Ancient Greece, Ancient Rome, Anthony Lewis, aristocracy, Aubrey Menen, Bigness, Charles James Fox, Coal mining, Duchess of Devonshire, Elizabeth Taylor, England, English Aristocracy, Frederic V. Grunfeld, Fulham, George Stubbs, Georgiana, Gladiators, J.H. Plumb, James Rosenquist, Johann Zoffany, Landed gentry, LBJ Library, Leptis Magna, Libya, Lord Rokeby, Michael Young, Muammar Gaddafi, New York 1965 Blackout, New York Times, Oil tankers, Parthenon, Pruitt-Igoe, seventeenth-century England, Sir John Lade, Théodore Géricault, The Raft of the Medusa, Thomas Gainsborough, William Sharp
This issue’s cover shows a detail from Thomas Gainsborough’s 1748 painting Mr and Mrs Andrews:
It illustrates ‘Lordly Pleasures’, J.H. Plumb’s article describing the way of life of the 18th century English landed gentry. Including vignettes about such individualists as Charles James Fox, Georgiana, Duchess of Devonshire, Lord Rokeby, and Sir John Lade, he concludes:
But their most important legacy, perhaps, was what they prized most – their freedom to be themselves. Few societies until modern times have given such freedom to individuals. The old feudal concepts of the role of aristocracy had broken down in the revolutionary years of seventeenth-century England, and by the time aristocracy re-established its social status, it had freed itself from traditional patterns of behaviour. True, it still possessed power, still regarded itself as the natural companion of royalty, still retained a patriarchal attitude to the tenants of its estates, but there was no fixed image of itself. Individualism – the hallmark of a bourgeois society – combined with aristocratic confidence, allowed every variety of human temperament to flourish untrammelled. What they desired they sought, and fortunately, they were literary, scholarly, artistic, and scientific as well as frivolous. Their passion for a well-groomed countryside changed the face of England; their love of building adorned it with an extraordinary architectural heritage; their mania for collecting endowed England with an incomparable artistic heritage; their addiction to sport enriched the world. And of all societies until our own, the aristocracy of eighteenth century England was the most permissive. Theirs was the pursuit of happiness.
Horizon caption: ‘On a floating pleasure barge, the numerous kinsmen of William Sharp (topmost figure), surgeon to George III, hold a musical party on the Thames opposite Fulham, now an unfashionable London neighbourhood.’
Also in this issue:
‘An Inquiry into Bigness’ is a special section dealing with the American belief that ‘Bigger is Better’. Anthony Lewis writes that:
Most of us have been brought up to believe that bigness brings efficiency in business and government. The result is that most of us in advanced societies are, in the words of Dr Michael Young, a British sociologist, ‘surrounded and controlled by impersonal, remote bodies – giant states, giant trade unions, giant corporations.’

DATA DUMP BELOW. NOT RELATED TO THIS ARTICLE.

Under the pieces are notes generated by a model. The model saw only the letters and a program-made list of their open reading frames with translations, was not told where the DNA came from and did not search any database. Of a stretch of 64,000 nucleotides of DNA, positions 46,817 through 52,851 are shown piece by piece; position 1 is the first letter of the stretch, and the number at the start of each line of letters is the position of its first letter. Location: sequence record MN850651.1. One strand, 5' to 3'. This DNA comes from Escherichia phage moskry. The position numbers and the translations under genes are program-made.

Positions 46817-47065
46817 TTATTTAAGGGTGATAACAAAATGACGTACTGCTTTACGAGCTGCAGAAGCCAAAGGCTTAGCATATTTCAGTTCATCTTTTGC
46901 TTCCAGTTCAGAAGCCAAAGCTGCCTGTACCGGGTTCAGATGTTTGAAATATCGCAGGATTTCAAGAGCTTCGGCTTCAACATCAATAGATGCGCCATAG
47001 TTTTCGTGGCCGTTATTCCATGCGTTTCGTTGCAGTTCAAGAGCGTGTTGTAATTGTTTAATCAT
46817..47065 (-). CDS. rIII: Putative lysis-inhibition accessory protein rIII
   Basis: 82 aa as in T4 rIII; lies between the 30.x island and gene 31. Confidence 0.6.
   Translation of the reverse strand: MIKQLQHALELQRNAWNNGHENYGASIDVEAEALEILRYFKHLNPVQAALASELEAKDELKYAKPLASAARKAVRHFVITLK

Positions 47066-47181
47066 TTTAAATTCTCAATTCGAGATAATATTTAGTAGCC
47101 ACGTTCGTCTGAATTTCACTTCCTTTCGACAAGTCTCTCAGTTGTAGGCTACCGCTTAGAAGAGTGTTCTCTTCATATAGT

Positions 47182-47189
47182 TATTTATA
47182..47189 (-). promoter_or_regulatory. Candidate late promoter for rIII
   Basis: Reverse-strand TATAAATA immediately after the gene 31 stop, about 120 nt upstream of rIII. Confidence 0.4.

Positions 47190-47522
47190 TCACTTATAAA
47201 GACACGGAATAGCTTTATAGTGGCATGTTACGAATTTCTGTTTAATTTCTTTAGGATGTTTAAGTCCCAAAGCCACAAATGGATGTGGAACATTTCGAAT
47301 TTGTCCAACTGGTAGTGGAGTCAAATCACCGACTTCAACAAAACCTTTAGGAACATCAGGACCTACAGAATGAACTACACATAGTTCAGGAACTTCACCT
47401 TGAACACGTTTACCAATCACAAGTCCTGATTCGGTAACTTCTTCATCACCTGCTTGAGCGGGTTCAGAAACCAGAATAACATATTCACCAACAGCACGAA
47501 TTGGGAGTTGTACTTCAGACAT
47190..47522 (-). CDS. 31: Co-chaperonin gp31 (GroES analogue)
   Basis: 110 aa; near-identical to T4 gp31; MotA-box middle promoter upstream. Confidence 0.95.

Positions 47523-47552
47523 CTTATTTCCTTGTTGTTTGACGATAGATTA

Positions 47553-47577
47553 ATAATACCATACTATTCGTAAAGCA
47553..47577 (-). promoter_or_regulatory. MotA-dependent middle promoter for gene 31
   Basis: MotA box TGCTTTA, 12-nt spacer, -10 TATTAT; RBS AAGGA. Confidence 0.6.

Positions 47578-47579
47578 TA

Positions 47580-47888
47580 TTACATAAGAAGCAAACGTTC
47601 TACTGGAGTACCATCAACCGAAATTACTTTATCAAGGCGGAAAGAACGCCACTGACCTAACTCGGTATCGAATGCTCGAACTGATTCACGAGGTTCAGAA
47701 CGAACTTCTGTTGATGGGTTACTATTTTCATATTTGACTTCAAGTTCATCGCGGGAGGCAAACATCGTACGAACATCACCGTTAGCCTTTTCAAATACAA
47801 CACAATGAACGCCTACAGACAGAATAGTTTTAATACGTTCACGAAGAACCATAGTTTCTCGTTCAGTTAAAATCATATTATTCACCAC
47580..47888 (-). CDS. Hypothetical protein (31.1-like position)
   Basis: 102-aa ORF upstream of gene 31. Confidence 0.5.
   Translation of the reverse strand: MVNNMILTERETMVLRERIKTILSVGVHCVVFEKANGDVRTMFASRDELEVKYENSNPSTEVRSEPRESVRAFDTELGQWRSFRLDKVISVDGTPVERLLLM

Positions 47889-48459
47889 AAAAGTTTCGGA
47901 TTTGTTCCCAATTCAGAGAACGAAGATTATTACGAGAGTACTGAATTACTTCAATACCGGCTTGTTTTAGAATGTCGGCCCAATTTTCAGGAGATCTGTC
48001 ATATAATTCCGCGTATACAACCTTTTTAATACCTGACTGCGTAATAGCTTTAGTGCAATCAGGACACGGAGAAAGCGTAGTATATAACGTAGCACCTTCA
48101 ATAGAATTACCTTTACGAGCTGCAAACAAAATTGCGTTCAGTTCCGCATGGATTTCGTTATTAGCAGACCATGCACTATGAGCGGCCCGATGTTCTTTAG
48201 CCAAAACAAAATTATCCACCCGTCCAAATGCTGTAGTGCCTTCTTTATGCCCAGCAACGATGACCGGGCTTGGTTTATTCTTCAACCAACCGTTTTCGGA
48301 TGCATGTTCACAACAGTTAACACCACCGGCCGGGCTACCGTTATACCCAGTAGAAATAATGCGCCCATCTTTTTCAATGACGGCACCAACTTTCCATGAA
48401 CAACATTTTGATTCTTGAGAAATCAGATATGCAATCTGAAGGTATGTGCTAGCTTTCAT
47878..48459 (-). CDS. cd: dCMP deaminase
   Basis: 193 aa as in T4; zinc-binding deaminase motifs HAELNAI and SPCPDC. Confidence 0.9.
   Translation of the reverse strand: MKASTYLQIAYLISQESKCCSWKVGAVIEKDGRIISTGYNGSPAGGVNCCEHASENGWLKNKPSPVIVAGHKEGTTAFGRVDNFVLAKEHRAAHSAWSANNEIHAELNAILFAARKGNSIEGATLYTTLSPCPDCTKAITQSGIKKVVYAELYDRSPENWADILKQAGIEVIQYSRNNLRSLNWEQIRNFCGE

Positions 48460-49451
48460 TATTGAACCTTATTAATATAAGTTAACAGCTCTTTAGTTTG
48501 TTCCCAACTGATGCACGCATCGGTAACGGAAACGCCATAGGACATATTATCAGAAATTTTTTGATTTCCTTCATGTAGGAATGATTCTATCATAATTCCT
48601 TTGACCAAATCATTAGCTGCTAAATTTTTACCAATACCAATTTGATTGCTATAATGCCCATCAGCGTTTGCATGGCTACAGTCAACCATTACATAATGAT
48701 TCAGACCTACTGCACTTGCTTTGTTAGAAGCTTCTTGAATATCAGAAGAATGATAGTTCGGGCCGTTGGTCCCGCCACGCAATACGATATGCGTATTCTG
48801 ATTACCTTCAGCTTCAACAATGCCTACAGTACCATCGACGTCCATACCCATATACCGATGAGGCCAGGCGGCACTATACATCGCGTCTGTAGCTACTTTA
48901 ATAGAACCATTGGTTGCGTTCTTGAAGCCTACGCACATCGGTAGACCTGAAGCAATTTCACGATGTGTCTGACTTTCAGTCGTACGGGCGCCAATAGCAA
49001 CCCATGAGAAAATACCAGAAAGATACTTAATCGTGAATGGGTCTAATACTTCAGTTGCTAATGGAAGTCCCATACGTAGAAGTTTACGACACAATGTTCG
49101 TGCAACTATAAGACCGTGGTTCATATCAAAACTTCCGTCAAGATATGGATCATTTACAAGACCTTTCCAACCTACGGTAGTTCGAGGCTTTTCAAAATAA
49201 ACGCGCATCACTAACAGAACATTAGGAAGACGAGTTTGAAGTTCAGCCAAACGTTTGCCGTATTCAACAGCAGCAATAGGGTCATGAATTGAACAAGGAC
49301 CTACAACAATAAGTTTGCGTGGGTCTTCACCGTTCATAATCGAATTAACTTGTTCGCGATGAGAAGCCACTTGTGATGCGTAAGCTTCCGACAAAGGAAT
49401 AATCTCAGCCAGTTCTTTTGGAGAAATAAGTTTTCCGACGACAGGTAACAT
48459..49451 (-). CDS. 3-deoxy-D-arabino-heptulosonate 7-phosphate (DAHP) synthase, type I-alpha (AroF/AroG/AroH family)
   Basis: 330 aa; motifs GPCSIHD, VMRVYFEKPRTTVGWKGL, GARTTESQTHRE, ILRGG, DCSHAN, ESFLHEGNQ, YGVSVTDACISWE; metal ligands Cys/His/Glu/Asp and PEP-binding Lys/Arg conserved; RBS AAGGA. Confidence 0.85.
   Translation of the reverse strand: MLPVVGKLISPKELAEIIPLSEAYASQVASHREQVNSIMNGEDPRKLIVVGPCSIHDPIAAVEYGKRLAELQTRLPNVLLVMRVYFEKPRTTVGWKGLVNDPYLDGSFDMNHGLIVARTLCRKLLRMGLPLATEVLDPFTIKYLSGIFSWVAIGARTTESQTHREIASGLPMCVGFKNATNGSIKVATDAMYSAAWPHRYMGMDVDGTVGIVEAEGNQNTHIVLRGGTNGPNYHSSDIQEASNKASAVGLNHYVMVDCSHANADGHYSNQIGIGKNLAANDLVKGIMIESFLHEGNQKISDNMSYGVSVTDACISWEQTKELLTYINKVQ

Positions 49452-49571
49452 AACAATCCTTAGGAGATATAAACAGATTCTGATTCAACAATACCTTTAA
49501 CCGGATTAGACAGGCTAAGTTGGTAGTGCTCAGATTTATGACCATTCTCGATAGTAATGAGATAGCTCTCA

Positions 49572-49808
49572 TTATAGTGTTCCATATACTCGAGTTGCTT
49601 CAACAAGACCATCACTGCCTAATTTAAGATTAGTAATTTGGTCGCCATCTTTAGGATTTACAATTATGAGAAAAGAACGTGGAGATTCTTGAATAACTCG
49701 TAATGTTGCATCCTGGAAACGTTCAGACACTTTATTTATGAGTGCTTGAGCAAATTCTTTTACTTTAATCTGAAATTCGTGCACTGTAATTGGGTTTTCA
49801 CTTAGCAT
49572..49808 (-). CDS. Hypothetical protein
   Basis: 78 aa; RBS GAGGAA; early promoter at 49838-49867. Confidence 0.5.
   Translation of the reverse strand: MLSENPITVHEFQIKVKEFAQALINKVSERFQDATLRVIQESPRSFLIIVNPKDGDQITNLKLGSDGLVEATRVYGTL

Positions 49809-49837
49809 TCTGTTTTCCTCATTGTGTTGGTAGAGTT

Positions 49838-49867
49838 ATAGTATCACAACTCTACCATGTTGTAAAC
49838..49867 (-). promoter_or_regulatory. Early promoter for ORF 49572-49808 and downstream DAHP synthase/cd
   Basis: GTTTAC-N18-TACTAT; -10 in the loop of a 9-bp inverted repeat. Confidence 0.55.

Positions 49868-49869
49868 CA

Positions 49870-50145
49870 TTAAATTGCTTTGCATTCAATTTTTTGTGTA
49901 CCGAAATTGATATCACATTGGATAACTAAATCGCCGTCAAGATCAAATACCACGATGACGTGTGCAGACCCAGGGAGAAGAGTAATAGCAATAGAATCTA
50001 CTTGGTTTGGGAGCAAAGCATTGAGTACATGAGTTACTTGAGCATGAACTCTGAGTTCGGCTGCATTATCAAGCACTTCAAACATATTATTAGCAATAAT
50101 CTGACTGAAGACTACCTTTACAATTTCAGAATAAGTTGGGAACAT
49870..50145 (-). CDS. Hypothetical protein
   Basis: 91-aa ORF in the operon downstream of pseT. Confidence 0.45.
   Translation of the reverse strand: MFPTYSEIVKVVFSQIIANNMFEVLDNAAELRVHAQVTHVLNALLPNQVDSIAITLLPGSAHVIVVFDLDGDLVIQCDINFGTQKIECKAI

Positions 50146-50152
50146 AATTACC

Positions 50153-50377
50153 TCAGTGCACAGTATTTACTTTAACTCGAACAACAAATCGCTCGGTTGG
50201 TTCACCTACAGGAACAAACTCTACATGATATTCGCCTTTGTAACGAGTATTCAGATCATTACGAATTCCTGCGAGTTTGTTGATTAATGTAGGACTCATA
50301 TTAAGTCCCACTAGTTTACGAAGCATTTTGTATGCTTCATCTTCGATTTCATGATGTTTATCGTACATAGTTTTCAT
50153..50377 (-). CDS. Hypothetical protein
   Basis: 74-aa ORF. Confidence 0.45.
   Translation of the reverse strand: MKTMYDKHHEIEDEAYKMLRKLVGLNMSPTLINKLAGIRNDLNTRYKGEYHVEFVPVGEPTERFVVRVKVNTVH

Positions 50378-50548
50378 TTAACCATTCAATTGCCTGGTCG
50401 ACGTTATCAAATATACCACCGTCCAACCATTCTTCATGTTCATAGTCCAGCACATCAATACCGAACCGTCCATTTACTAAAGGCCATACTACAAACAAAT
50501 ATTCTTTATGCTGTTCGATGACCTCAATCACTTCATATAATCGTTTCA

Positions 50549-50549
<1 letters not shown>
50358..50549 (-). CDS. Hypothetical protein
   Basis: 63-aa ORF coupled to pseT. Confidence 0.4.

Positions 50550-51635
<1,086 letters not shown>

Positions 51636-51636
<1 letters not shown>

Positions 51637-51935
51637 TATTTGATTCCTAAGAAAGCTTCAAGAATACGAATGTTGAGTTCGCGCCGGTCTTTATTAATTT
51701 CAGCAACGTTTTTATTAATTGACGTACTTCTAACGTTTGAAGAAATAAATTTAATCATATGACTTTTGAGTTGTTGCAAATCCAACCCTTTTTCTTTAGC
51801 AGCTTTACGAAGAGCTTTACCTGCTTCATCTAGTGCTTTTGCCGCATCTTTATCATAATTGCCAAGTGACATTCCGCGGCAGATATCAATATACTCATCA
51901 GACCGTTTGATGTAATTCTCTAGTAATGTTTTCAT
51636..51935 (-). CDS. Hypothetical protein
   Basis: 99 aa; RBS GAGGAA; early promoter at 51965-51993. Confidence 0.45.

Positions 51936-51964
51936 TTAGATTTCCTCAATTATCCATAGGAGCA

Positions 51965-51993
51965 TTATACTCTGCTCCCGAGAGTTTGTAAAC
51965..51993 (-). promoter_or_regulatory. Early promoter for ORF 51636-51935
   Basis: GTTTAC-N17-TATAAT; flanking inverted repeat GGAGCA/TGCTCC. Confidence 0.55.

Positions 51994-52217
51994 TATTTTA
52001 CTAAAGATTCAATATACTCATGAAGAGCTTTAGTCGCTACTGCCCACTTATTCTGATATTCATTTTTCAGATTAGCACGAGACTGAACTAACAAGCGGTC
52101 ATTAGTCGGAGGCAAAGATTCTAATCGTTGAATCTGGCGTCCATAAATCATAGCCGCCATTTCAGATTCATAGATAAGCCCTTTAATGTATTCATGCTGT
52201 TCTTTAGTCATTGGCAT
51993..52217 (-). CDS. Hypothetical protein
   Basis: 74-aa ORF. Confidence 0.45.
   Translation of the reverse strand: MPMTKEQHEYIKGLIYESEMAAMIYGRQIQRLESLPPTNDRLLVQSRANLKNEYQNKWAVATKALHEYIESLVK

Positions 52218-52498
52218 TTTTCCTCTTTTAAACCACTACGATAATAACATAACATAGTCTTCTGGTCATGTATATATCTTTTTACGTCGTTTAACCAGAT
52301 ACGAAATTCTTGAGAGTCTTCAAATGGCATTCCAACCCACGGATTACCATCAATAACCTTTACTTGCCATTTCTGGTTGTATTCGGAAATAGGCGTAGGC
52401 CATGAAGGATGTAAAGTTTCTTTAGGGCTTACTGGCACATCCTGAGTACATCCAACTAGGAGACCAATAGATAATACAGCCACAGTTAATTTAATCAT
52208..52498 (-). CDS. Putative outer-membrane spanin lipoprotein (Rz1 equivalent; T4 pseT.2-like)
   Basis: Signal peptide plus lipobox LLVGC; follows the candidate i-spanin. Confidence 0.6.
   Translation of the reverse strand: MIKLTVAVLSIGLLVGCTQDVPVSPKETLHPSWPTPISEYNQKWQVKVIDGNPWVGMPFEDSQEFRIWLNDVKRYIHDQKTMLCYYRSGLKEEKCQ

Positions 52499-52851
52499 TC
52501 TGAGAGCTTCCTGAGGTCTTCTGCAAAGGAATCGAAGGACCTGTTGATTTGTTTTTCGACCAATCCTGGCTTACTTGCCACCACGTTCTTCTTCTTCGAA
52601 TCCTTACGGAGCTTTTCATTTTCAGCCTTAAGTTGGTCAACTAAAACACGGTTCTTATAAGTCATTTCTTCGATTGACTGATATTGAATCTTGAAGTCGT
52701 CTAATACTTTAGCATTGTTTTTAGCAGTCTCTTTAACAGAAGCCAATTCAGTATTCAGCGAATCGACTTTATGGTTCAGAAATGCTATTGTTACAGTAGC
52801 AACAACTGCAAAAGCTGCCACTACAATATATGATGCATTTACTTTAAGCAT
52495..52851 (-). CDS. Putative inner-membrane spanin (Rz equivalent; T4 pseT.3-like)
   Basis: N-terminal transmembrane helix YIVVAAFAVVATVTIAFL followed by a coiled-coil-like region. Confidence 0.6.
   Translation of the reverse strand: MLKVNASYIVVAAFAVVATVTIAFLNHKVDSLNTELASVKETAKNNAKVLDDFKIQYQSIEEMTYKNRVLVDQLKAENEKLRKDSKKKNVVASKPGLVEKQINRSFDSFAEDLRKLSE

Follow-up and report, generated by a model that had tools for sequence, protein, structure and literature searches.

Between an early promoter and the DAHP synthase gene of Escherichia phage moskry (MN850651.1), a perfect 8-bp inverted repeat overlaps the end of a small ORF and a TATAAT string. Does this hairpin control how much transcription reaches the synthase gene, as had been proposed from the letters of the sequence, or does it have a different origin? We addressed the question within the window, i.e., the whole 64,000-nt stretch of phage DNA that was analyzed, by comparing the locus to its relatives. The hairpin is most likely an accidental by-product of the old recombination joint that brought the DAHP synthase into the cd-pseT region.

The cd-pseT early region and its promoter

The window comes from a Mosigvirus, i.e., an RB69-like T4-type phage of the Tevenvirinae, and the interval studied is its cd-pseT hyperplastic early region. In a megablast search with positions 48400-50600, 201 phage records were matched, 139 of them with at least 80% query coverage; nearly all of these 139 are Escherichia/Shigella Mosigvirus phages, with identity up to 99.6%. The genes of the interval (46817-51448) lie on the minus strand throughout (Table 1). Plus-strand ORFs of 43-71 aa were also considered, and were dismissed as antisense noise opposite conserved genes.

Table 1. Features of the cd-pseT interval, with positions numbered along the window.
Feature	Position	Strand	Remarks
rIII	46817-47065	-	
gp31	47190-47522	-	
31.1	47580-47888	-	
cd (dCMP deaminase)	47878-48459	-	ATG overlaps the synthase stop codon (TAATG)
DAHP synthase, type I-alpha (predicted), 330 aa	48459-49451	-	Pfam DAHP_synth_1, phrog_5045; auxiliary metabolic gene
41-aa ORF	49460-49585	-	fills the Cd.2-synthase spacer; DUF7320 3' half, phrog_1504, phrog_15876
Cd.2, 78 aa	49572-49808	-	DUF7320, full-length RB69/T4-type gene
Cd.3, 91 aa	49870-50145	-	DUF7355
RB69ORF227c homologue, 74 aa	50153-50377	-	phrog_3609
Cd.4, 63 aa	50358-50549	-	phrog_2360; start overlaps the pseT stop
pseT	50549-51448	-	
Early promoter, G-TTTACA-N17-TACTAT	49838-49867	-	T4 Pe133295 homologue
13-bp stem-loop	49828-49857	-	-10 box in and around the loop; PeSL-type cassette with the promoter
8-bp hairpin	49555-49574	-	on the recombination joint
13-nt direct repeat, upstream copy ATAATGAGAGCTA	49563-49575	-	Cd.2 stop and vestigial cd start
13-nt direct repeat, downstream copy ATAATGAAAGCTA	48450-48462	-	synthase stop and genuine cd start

But now the belief in bigness is being challenged on all sides. Too many ordinary people…have suffered the frustration of trying to correct the mistakes of some huge anonymous body, a company or a government. Or they have assumed that large organizations are needed to run the infrastructure of society and then found, as New Yorkers have, that the telephone system does not work and the electricity goes off.
What could be called a philosophical school of smallness is developing…
Some examples of bigness:
When the picture was first exhibited, the catalog, in deference to the censor, listed it simply as a Shipwreck Scene. But no-one had to be told who these men were, or of what disaster the victims. The shipwreck of the frigate Medusa had precipitated a great political scandal, which the government of Louis XVIII had vainly tried to suppress. People saw it as far more than just a maritime disaster: it was symptomatic of everything that was wrong with the Bourbon Restoration and the émigré officials who flocked back to France after the fall of Napoleon.
In the end it was the artist who triumphed over the documentarian. His central problem was the ancient and perpetually novel one of how to transform reality into art…
After many experiments he fixed on the critical moment that describes the horror and at the same time offers the promise of salvation (There are, for that matter, a great many allusions to the Crucifixion and the Resurrection as the baroque painters envisaged them.) This is the psychological instant when hope and despair are evenly balanced; it is almost as though he had wanted to illustrate, not the iron law of Darwin, but Das Prinzip Hoffnung, the ‘Hope principle,’ which the philosopher Ernst Bloch has identified as one of the great themes of nineteenth-century social thought.
I would recommend that any student of the past save up Leptis Magna to the last. As a sight, as an experience, there is nothing to equal it: it satisfies completely. The Parthenon is very fine, but coming back to it, time and again over the years, I find its very perfection boring. After twenty years of looking at the ruins of Rome, I have come to agree with the most ignorant tourist – they are sadly battered. Leptis Magna is perfect. It has splendour; it is as complete as any reasonable man could wish for; the restorers have been happily hampered by political convulsions and lack of funds; and above all, you can walk in its ruins for days on end, as I have done, and see nobody. I say this now, and I am only too aware that, in a decade, I could sound ridiculous.
As it turned out Libya would remain isolated for many years.